Lemma 2.

If u is the solution of (46)-Δu=0,in  Ω1,u=u0,on  Γ0,un=un,on  Γ1, where Ω1 is the elliptical ring domain between Γ0 and Γ1, (47)u0=j=-+cjeijϕH1/2(Γ0),un=1J0(-,j0+dj|j|eijϕ+d0),H-1/2(Γ1), then there exist a unique uH1(Ω1) and (48)u(μ,ϕ)=-,j0+({(e|j|(μ1-μ0)+e|j|(μ0-μ1))-1}(cj(e|j|(μ-μ1)+e|j|(μ1-μ))+dj×(e|j|(μ-μ0)-e|j|(μ0-μ)))×(e|j|(μ1-μ0)+e|j|(μ0-μ1))-1)×eijϕ+c0+d0(μ-μ0).

Proof.

The result can be obtained directly from (46) by the separation of variables.

Theorem 3.

If 0<θk<1, then the nonoverlapping domain decomposition method (7)–(9) is convergent.

Proof.

We assume that the exact solution to problem (1) is u, and we let λ=u|Γ1, uk=u|Ωk, and k=1,2. Then, following (7)–(8), we let e1k=λ-u1k and e1k|Γ1=λ-λk=˙e2k. From (24), we assume that e2k=j=-+ajeijϕH1/2(Γ1). By the natural integral equation (27), we have (49)e1kn=-𝒦1(e2k)=-1J0j=-+|j|ajeijϕ. So, e1k satisfies (50)-Δe1k=0,in  Ω1,e1k=0,on  Γ0,e1kn=1J0j=-+|j|ajeijϕ,on  Γ1. By Lemma 2, one obtains (51)e1k=-j=-+ajHj(μ)eijϕ, with Hj(μ)=(e|j|(μ-μ0)-e|j|(μ0-μ))/(e|j|(μ1-μ0)+e|j|(μ0-μ1)). From (51), e1k confines on Γ1 can be expressed as (52)e1kΓ1=-j=-+ajHj(μ1)eijϕ,𝒦1(e1k)=-1J0j=-+|j|ajHj(μ1)eijϕ.

Then, we have (53)e1k+1n=-𝒦1(λ-λk+1)=𝒦1(θku1k+(1-θk)λk-λ)=-θk𝒦1(e1k)-(1-θk)𝒦1(e2k)=1J0j=-+|j|aj(θkHj(μ1)-1+θk)eijϕ.

Let Em=˙e1k/n-1/2,Γ12, then Em=2πj=-+(j2/1+j2)|aj|2 and (54)Em+1=2πj=-+j21+j2|aj|2(θkHj(μ1)-1+θk)2=(1-θk)2Em+2πj=-+j21+j2|aj|2×θkHj(μ1)[θk(Hj(μ1)+2)-2].

Assuming that δ1=infj/{0}2/(2+Hj(μ1)), then 1>δ12/3.

If 0<θkδ1, k=0,1,2,, then (55)Em+1<(1-θk)2Em, or equally (56)Em+1<j=1m(1-θj)2E1rmE1,19r<1.

By the trace theorem, we have (57)e1k1,Ω12CEm0,m. From (54), one also has (58)Em+1=2πj=-+j21+j2|aj|2(θkHj(μ1)-1+θk)2=(1-2θk)2Em+2πj=-+j21+j2|aj|2×θkIj(μ1)[θk(Ij(μ1)-2)+1], with Ij(μ1)=(1-Hj(μ1))/2. Assuming that δ2=supj/{0}1/(2-Ij(μ1)), then 0<δ22/3.

For δ2θk<1, k=0,1,2,, the convergence result can be obtained similarly with (55)–(57). Therefore, for 0<θk<1, the nonoverlapping domain decomposition method is convergent.

3.3. Discrete Nonoverlapping Alternating Algorithm and Convergence Analysis

Divide the arc Γμ1 into M parts, and take a finite element subdivision in Ω1 such that their nodes on Γμ1 are coincident. That is, we make a regular and quasiuniform triangulation 𝒯h on Ω1, such that (59)Ω1=K𝒯hK, where K is a (curved) triangle and h is the maximal diameter of triangles. Let (60)Vh={vhV|v|K  is a linear polynomial,K𝒯h}. Then, the approximate problem of (39) can be written as follows (61)  FinduhVh,such thatD(uh;uh,vh)+D^(uh;uh,vh)=F(vh),vhVh, with (62)D(th;uh,vh)=Ω1a(x,th)(αuhxvhx+βuhyvhy)dx,(63)D^(th;uh,vh)=j=1+αβjπ02π02πa0(th(μ1,φ))  ×uh(μ1,φ)φvh(μ1,φ)φ·cos  j(φ-φ)dφdφ. In practice, the sum of (63) is truncated to a finite number of terms N. By the hypothesis of a(·,·), it is not difficult to know the following result.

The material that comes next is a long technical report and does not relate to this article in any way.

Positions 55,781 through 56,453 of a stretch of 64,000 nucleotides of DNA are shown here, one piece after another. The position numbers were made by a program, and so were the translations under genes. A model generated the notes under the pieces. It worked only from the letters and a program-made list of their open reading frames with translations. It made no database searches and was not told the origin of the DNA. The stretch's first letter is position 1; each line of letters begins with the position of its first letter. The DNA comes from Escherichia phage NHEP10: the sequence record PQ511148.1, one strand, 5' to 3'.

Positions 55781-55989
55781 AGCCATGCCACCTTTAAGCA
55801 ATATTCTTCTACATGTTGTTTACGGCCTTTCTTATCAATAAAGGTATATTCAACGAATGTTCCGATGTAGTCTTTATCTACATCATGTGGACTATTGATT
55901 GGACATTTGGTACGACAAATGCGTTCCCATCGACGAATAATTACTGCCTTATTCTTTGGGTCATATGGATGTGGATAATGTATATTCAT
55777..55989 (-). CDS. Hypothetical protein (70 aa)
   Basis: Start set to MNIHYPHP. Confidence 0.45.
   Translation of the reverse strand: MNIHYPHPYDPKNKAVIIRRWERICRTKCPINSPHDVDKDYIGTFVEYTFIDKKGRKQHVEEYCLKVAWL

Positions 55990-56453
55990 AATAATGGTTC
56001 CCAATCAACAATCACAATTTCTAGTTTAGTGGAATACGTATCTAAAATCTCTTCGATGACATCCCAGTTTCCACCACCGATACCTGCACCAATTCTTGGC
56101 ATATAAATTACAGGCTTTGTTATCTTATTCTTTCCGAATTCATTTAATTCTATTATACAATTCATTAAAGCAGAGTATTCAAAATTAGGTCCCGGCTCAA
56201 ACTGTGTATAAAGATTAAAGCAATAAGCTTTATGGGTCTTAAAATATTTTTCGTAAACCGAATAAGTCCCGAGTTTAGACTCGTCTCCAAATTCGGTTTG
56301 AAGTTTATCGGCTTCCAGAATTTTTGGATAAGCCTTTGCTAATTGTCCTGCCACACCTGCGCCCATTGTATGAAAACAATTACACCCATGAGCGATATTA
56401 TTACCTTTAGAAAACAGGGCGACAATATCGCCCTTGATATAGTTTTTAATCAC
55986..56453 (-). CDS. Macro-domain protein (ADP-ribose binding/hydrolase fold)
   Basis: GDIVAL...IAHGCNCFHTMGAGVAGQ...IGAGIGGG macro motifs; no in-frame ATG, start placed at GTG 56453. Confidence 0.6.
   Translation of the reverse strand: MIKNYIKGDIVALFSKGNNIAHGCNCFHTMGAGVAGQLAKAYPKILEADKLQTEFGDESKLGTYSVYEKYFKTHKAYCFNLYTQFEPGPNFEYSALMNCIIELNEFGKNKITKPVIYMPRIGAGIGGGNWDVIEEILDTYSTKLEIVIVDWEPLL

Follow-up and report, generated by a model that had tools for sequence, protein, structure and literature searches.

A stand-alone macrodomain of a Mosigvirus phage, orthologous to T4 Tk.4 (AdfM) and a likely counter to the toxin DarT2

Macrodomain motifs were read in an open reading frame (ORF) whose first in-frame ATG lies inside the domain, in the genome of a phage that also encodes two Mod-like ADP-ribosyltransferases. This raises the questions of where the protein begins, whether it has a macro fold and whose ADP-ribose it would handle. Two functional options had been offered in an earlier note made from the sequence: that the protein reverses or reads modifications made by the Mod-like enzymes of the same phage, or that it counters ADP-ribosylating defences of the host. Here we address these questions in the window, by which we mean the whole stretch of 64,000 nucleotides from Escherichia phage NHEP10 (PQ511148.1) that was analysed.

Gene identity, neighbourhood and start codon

Lemma 4.

There exists a constant C2>0 which has a different meaning in a different place and is related to α and β, such that (64)|D(u;u,v)+D^(u;u,v)|C2u1,Ω1v1,Ω1,D(u;u,u)+D^(u;u,u)C0u1,Ω12,u,vV.

Proof.

From (3) and (40), one can obtain that (65)|D(u;u,v)|C2u1,Ω1v1,Ω1,D(u;u,u)C0u1,Ω12,u,vV. For the natural integral equation, one can obtain the following result (66)|D^(u;u,v)|C2′′u1,Ω1v1,Ω1,D^(u;u,u)0,u,vV.

For this purpose, for u,vV, we assume that (67)u(μ1,φ)=j=-+ujeijφ,v(μ1,φ)=j=-+vjeijφ, with uj=(1/2π)02πu(μ1,φ)e-ijφdφ, vj=(1/2π)02πv(μ1,φ)e-ijφdφ. Then, we have (68)uφ(μ1,φ)=j=-+ijujeijφ,vφ(μ1,φ)=j=-+ijvjeijφ.

Combining property (3), Cauchy’s inequality, and the trace theorem, we have (69)|D^(u;u,v)|C2′′(j=-+|j|·|uj|2)1/2×(j=-+|j|·|vj|2)1/2C2′′(j=-+(1+j2)1/2·|uj|2)1/2×(j=-+(1+j2)1/2·|vj|2)1/2C2′′u1/2,Γμ1v1/2,Γμ1C2′′u1,Ω1v1,Ω1,u,vV.

Next, we show that D^(u;u,u)0, for any uV. For any given vV, let us consider the following auxiliary problem in Ω1: (70)-·(a(x,u)u)=0,in  Ω1,u=0,on  Γ0,u=v,on  Γμ1.

From the analysis in Section 2.1, we know that the solution u to problem (70) satisfies (71)a0(u)un|Γμ1=𝒦1(u(μ1,φ))=𝒦1(v(μ1,φ)). Multiplying (70) by u and integrating over Ω1, we have (72)D^(u;u,u)=Ω1a0(u)|u|2dx0.

Letting C2=C2+C2′′, we can get the desired result.

We are now in the position to show the existence and uniqueness result for this type of problem (1). We begin with the following estimate.

Lemma 5.

Any solution u to problem (39) satisfies (73)u1,Ω1C3fL2(Ω1), with C3 a positive constant.

Proof.

Taking v equal to u in (39), by Lemma 4, one has (74)C0u1,Ω12D(u;u,u)+D^(u;u,u)=L(u). Then, the desired result follows from Cauchy-Schwarz and Poincaré-Friedrichs inequalities.

Theorem 6.

Problem (39) is uniquely solvable.

Proof.

Since the space V is separable (indeed, it is a closed subspace of the space H1(Ω1) which is separable), there exist increasing sequences of finite-dimensional Hilbert subspaces Vm of V such that (75)V=m0Vm.

We define a mapping Φm:VmVm by (76)(Φm(u),v)=D(u;u,v)+D^(u;u,v)-L(v),u,vVm, where (·,·) stands for the scalar product on Vm×Vm. Since the function a(x,u) is bounded and the trace of the function in V on Γ1 belongs to H1/2(Γ1), hence at least to L4(Γ1) from the Sobolev embedding, each mapping Φm is well defined and continuous on Vm. What’s more, by Lemmas 4 and 5, we obtain (77)(Φm(u),u)=D(u;u,u)+D^(u;u,u)-L(u)C0u1,Ω12-C3fL2(Ω1)u1,Ω1. So, the right-hand side is nonnegative on the circle of radius μ which is defined by (78)μ=C3C0fL2(Ω1). Applying Brouwer’s fixed point theorem  yields the existence of um in Vm, with norm less than μ, such that (79)Φm(um)=0. Since the sequence {um}m is bounded by μ in V, there exists a subsequence which converges weakly to u in Vm. Using the compactness of the imbedding of H1/2(Γ1) into L3(Γ1), we obtain that u is a solution to problem (39).